salmon fishing Washington fishermen can get the first forecast for 2013 salmon runs during a public meeting in Olympia March 1. The meeting is the annual kickoff of the salmon fishing season-setting process, also known as the North of Falcon process.
Staff members from the state Department of Fish and Wildlife will present initial forecasts that have been compiled by state and tribal biologists. Of interest this year will be discussion of pink salmon runs that make for popular South Sound fishing opportunities.
People attending the meeting also will have an chance to talk to fishery managers about the pre-season forecasts and participate in work sessions focusing on possible salmon fisheries and conservation issues. The sessions look at specific waters such as Puget Sound, Columbia River and Pacific Ocean areas.
The department also scheduled additional public meetings through early April that focus on regional salmon issues.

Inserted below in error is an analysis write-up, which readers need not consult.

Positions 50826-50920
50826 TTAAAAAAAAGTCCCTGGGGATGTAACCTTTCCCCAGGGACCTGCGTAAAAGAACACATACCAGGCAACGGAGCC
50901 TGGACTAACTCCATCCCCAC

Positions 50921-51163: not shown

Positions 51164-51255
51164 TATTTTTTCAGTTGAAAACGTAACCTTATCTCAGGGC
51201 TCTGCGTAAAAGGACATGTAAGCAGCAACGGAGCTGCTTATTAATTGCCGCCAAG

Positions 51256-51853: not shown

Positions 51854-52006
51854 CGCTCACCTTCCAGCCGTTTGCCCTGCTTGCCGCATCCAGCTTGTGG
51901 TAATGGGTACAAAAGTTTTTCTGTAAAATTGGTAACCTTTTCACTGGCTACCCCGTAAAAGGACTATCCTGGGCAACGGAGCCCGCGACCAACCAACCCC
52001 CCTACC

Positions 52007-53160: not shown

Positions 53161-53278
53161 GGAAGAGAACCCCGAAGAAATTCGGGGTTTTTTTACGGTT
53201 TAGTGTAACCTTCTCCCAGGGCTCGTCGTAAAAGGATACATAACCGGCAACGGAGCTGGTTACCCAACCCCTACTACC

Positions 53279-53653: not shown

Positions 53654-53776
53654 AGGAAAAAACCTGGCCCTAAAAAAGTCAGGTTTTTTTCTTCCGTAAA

The North of Falcon process is held in conjunction with public meetings conducted by the Pacific Fishery Management Council, responsible for setting fishing seasons in ocean water three-200 miles off the Pacific coast.
The season setting process name refers to Cape Falcon in northern Oregon, the southern border of active management for Washington salmon stocks.
Among the upcoming meetings is a session March 6-11 at the Hotel Murano in Tacoma at which the council will adopt several options for the ocean fisheries.
Final adoption of the 2013 salmon fisheries is scheduled for April 11 at the council meeting in Portland. Seasons are based on negotiations between the state and treaty tribes.
The March 1 meeting is 9 a.m-3 p.m. in Room 172 of the Natural Resources Building, 1111 Washington St. SE, Olympia.